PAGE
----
The ultimate guide to financing your medical school education

Every year, nearly 3,000 students enter Canada’s 17 medical schools. Many of them – perhaps including you – have dreamed for years of bettering the world through their practice of medicine.

Yet your dreams of practising medicine probably didn’t include the high cost of getting there. The median debt for medical school graduates is $100,000, with 41% of students reporting debt of $120,000 or more, according to the Association of Faculties of Medicine of Canada .

Add this to undergraduate education debt – $28,000 for the average Canadian university graduate – and you are looking at a hefty sum you’ll likely have to start paying back once you’re no longer considered a student.

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$20K to The Canadian Medical Hall of Fame Award , for instance, provides $5,000 to one medical student from each Canadian medical school, while the Canadian Federation of Medical Students-MD Financial Management Leadership Award offers $2,000. From 2017 to 2021, the CMA Foundation is giving an $8,500 bursary and a $15,000 award to every medical school in Canada.

Bursaries tend to have application deadlines in the late fall or winter, so make sure you look for these and get your applications in early.

However, most scholarships and bursaries won’t cover the entire cost of med school. You’ll likely have to find additional funding streams, such as government grants, government loans or other types of loans.

Maximize government grants

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Grants are an excellent option for education funding because you do not need to pay back what you receive. Canada Student Grants provide financial assistance for post-secondary students and are distributed to qualified students based on financial need.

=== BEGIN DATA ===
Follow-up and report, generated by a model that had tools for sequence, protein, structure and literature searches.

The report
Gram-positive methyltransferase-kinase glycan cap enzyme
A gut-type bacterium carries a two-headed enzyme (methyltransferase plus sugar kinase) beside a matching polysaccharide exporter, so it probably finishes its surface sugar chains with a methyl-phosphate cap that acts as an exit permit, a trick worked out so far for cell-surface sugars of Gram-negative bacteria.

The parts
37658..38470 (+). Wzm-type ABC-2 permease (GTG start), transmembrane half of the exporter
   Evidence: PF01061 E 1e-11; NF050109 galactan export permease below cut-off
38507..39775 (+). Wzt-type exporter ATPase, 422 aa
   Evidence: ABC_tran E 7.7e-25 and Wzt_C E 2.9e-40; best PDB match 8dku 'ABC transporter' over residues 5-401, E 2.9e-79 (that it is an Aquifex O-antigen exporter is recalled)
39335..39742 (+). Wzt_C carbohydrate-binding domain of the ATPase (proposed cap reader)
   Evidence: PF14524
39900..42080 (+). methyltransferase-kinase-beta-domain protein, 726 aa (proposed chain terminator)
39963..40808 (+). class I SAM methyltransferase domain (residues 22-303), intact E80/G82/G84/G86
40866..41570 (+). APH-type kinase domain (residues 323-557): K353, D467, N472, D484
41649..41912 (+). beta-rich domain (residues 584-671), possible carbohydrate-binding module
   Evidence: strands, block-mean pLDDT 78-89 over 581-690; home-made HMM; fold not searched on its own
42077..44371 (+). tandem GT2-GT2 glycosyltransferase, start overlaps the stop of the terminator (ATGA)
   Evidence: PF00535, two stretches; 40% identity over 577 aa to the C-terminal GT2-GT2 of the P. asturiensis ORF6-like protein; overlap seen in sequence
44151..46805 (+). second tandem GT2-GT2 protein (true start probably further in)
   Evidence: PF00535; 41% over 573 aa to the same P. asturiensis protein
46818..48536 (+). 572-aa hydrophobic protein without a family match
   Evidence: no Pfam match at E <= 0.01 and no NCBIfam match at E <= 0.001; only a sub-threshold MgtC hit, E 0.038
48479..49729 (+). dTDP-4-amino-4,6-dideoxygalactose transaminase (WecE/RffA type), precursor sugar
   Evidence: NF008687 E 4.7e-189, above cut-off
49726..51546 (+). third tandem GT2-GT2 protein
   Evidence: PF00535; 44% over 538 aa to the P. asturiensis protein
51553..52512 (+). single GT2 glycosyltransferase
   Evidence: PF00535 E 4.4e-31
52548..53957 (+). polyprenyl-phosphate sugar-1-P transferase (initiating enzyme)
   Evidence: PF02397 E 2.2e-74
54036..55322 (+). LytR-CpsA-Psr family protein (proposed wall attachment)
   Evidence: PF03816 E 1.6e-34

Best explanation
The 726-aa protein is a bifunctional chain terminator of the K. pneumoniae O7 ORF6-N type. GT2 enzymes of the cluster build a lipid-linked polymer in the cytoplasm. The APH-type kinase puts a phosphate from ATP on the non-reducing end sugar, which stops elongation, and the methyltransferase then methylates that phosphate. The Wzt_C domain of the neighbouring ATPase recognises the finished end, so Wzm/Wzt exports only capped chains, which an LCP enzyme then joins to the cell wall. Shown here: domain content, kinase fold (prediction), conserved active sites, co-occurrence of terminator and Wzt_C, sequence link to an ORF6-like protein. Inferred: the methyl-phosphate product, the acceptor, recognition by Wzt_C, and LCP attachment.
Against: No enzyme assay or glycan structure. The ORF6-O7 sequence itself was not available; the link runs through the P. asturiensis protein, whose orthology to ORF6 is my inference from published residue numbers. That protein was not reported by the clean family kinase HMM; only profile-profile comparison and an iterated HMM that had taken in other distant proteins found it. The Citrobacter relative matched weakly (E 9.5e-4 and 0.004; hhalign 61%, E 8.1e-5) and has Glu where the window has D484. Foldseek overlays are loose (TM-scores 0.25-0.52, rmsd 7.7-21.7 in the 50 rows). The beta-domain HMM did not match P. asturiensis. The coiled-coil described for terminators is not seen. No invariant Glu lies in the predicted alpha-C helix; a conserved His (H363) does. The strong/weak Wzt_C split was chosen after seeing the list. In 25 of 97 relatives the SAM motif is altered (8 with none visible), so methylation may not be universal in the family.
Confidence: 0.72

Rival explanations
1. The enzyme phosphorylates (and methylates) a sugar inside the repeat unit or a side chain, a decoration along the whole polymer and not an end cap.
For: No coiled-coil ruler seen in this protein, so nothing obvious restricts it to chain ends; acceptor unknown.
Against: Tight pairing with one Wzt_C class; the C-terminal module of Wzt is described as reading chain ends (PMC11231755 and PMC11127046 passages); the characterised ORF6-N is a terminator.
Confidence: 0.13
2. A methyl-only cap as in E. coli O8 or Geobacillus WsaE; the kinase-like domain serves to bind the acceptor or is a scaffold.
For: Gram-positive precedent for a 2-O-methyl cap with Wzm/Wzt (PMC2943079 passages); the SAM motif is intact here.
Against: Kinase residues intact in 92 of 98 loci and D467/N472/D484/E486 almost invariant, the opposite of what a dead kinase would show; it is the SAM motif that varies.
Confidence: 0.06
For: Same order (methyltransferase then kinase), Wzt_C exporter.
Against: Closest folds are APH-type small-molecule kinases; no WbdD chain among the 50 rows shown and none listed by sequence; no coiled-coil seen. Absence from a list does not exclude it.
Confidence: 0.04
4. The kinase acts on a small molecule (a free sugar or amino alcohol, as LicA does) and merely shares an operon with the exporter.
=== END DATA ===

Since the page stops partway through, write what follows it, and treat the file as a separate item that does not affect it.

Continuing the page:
Seek out grants from the federal and provincial/territorial governments. The amount you may receive depends not only on financial need but also payday loans in Murrells Inlet no credit check on the province where you attend medical school, and it’s difficult to determine how much you might receive until you apply.

Some grants are specially designed for certain students, such as those with financial dependants, students with disabilities, and First Nations and Inuit students. But most grant money is allocated based on student financial need and is available to all Canadians.

Even if you do receive grants (and even if that’s in addition to scholarships and/or bursaries), you will likely still have to borrow to finance the rest of your medical school costs. This next step is the most stressful part of financing: taking on debt.

Get government loans

Canada Student Loans are available for full-time study at designated schools, including some post-secondary institutions outside Canada, to students who meet the eligibility criteria. As of , these loans are now interest-free until six months after you’ve finished full-time school, at which time repayments will start.

What’s more, you get a 15% federal tax credit each year on any interest you paid on Canada Student Loans. You can take advantage of this tax credit as long as you owe some income tax; if you don’t, you can carry the credit forward for up to five years and use it at a better time.

Family physicians and residents in family medicine who practise in remote and underserved areas may be eligible for repayment assistance, which reduces the balance they owe on Canada Student Loans.

Before you apply for any financial aid, consult an advisor. Ideally, this person should specialize in financing medical school studies. From the application process through medical school and your residency journey, an expert in the financial services industry can help you to get the most out of your funding options and to manage and pay off your debt when you’re ready to.